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XI No.10 - Sunday October 21 - Saturday November 3, 2012


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Update by Saichon Paewsoongnern
 
 
 
Bridge in Paradise: by Neil Robinson
 

“My partner is twenty years behind the times. He still thinks you need high cards to bid” Eddie Kantar
The deal this week shows how much opening bid standards have reduced, and how much there is to gain from getting your trump suit out early. It comes from the recent Mind Sports Games in Lille, France, with acknowledgements to Andrew Robson for reporting it. No one vulnerable, and South dealt.

 

  S: A5  
  H: Ak96  
  D: J42  
  C: KQJ2  
S: KJ64   S: 9832
H: 2   H:1083
D: K1098653   D: AQ7
C: 10   C: 854
  S: Q107  
  H: QJ754  
  D: -  
  C:A9763  

At table 1, South passed his nine HCP hand. West bid three diamonds, putting North in a quandary. He had to bid something with his strong hand. However he did not want to double, with only two spades. Eventually he bid three no trump, hoping South had some help for his half stop in diamonds. The lead was the ace of diamonds, followed by the queen and a low diamond. EW took the first seven tricks for three down. The bidding at table 2 was quite different:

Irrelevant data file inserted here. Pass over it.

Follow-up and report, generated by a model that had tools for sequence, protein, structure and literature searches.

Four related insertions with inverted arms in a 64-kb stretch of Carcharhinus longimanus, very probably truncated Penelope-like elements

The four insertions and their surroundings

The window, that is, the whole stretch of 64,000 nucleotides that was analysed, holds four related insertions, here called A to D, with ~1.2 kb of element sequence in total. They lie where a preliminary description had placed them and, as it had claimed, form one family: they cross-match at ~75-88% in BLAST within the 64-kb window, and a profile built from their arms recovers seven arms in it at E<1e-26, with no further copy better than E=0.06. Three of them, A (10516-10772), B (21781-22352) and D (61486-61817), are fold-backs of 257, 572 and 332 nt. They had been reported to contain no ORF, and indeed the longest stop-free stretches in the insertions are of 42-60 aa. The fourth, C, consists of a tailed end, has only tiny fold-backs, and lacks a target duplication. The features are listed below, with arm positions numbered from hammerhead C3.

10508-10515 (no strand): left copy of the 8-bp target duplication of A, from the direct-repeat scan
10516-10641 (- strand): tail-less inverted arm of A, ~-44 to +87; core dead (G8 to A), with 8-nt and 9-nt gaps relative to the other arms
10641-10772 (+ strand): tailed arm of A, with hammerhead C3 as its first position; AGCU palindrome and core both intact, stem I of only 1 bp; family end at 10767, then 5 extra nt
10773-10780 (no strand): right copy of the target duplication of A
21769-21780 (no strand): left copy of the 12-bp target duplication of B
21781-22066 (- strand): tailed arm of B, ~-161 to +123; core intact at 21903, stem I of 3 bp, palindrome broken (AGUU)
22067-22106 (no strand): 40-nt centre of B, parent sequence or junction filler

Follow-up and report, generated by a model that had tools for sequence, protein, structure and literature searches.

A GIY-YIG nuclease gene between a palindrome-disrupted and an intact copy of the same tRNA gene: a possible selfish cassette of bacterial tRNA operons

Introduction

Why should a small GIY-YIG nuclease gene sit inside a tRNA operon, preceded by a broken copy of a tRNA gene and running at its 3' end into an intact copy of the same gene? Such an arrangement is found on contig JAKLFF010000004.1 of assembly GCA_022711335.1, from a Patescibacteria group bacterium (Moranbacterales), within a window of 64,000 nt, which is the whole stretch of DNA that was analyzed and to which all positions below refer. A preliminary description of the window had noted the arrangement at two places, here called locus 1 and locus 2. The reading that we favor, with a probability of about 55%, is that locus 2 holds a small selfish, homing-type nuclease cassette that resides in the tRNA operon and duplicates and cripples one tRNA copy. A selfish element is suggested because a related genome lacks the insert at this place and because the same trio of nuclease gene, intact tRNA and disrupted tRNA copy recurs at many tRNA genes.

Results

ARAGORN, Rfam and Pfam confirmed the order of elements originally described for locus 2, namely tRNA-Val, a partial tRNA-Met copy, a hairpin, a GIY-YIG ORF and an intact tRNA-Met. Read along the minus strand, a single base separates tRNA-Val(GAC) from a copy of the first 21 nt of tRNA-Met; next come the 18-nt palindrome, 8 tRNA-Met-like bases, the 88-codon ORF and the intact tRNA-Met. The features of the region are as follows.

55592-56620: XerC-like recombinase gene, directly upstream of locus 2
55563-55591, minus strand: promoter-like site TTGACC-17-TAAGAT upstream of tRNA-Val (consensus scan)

South West North East
1H 2D 3D P
4D P 4S P
5C P 7H All pass

Here South opened his very light, but shapely, hand. North’s 3D cue bid shows good heart support. NS then cue bid controls in diamonds, spades and clubs. Finally, North went to grand slam. West led his singleton trump. It looks like you are bound to lose a spade trick. Can you see how to make the contract? The answer is a dummy reversal. Declarer won the lead in dummy with the king and ruffed a diamond in hand. Now he cashed the queen of hearts and returned to dummy with a club. Leaving the last trump out he ruffed a second diamond, and went back again to dummy with a club for a third diamond ruff with the last trump in hand. Now he returned to dummy with the ace of spades, pulled the last trump, and played out the clubs, throwing dummy’s losing spade. Grand slam made by way of four heart tricks, three diamond ruffs, five clubs and the ace of spades. Quite a swing between – 150 for NS at table one and + 1510 at table two, and all because of a light opening bid!
Bridge Club of Chiang Mai welcomes all players. We have members from seventeen different countries already. For information on the Club go to the web site www.bridgewebs.com/chiangmai. If you have bridge questions, or to send me your interesting hands, please contact me at: [email protected]



 
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Bridge in Paradise
 

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